The 3 Pillars of Product Led Growth
Back in 2014, we led Datadog’s Series B for a few big reasons: they solved a pain point nearly universal among developers, delivered value to customers without any friction, and tended to grow rapidly inside an account after the initial adoption.
At that time, there wasn’t yet a term for what’s now known as product led growth (PLG).
Product led growth is an end user-focused growth model that relies on the product itself as the primary driver of customer acquisition, conversion and expansion.
We’ve been fortunate to be Datadog’s partners as they’ve rapidly scaled, launched major new product lines, went public in 2019, hit a $25 billion market cap and continue to exceed expectations as a public company. Today they’re worth more than Slack.
As a developer-focused business with the ability to get started for free, Datadog is a shining example of how product-led adoption scales to the enterprise and how public PLG companies outperform their peers.
The success of Datadog, coupled with the IPOs and continued performance of other PLG businesses like Zoom, Atlassian, Shopify and Twilio, makes it clear that PLG is here to stay. As a result, we’ve found ourselves answering the question “What is product led growth?” a lot over the last few years.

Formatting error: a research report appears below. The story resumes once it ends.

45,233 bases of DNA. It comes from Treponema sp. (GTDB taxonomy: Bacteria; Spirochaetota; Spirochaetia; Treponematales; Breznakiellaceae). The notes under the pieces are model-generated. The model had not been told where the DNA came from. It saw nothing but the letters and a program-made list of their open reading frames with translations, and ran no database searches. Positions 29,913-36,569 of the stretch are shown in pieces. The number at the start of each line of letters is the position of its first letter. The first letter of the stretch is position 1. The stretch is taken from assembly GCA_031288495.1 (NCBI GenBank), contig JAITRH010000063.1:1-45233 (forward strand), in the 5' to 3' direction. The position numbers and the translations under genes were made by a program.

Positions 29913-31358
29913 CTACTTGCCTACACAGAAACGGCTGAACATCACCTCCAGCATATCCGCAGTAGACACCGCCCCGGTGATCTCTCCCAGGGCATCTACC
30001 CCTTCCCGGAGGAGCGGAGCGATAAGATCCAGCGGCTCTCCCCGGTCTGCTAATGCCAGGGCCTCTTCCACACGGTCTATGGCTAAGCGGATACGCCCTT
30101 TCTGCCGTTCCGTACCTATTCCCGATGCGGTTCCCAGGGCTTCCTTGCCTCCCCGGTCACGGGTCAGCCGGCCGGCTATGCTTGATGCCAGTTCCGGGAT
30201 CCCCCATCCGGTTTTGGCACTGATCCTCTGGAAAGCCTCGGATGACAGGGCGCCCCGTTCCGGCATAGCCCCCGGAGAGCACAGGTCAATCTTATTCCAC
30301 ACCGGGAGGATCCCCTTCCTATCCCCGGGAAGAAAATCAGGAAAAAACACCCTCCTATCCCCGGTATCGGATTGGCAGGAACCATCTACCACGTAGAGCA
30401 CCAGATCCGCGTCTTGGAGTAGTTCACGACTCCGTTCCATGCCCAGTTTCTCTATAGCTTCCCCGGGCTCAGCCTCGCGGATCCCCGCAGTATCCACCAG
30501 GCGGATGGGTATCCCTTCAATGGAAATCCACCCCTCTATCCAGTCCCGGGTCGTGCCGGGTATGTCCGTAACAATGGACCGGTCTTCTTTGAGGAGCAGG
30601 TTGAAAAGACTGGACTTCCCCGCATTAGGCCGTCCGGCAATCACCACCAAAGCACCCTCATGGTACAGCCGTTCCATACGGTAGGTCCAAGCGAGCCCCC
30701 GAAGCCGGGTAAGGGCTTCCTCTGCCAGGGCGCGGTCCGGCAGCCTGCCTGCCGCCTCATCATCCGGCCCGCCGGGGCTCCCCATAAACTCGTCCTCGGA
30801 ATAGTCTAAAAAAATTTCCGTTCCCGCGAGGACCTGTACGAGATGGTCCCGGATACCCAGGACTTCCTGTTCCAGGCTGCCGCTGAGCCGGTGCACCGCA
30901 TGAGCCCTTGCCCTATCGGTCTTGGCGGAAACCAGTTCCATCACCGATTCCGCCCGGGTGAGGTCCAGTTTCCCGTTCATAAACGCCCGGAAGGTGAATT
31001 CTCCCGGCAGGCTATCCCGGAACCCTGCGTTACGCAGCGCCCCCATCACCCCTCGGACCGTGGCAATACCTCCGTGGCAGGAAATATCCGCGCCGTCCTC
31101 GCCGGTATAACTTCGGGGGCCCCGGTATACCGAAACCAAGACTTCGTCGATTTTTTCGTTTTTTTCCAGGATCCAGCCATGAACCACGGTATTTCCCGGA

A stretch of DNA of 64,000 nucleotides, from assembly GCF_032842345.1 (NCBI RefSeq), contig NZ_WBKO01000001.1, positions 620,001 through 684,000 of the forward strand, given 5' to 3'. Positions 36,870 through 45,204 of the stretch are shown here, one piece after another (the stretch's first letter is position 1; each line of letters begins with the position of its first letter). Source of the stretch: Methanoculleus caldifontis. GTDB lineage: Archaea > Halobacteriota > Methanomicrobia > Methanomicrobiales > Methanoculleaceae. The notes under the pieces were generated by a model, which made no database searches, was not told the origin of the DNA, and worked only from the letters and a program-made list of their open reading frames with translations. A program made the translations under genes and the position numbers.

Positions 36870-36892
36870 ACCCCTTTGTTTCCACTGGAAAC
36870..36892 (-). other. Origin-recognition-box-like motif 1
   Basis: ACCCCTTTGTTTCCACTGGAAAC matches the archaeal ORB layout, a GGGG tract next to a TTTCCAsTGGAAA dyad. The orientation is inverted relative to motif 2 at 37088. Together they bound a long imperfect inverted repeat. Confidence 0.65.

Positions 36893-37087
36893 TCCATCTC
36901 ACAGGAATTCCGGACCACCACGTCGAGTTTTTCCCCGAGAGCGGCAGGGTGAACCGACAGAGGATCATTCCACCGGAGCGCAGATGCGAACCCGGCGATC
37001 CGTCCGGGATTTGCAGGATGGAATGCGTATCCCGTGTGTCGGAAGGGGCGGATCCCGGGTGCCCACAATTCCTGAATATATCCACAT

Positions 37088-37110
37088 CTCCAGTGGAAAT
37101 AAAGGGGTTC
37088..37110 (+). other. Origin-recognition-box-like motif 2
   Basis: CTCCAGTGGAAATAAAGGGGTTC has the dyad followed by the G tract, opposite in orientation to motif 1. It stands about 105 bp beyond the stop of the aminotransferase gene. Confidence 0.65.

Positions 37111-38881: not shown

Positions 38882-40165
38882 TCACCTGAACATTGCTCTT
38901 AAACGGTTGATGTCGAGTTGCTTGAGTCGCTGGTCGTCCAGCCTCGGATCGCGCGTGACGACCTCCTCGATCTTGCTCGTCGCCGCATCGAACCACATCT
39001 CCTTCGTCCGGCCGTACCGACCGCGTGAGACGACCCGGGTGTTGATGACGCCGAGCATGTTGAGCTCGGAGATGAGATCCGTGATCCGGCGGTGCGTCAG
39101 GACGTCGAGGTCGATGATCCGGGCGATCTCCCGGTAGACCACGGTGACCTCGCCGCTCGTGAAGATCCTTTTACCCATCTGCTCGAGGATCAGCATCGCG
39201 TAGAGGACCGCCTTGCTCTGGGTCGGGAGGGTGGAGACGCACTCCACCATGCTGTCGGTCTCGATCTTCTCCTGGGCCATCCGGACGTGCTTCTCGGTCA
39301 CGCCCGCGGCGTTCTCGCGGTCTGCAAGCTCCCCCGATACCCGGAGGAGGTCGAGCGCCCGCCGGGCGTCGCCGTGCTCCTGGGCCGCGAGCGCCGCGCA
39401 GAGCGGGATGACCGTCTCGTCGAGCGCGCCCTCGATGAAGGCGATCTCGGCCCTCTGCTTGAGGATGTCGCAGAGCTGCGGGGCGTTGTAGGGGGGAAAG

However, as the evidence mounts that a PLG approach leads to better businesses, it’s time to start focusing on a different question: What makes PLG businesses so successful?
This is a first, synthesized attempt to answer that. Clearly laying out the characteristics that make PLG businesses work so well, filled with examples from PLG leaders on what you can do to PLG-ify your business when and where appropriate.
These are the three pillars of product led growth.
Pillar 1: Design for the end user
End users are now the most important constituents in buying software. Whether you look at changes in usability expectations and attention span based on how people make purchasing decisions at home and apply those to work (consumerization of the enterprise), or the internet’s influence in lowering the barriers to entry to build and distribute software (rise of the developer, SaaS and open source), end users are in the driver’s seat.
Unlike organizations (and the buyers who represent them) that think in terms of formal ROI, end users are people. And people want to solve the problem they have right now.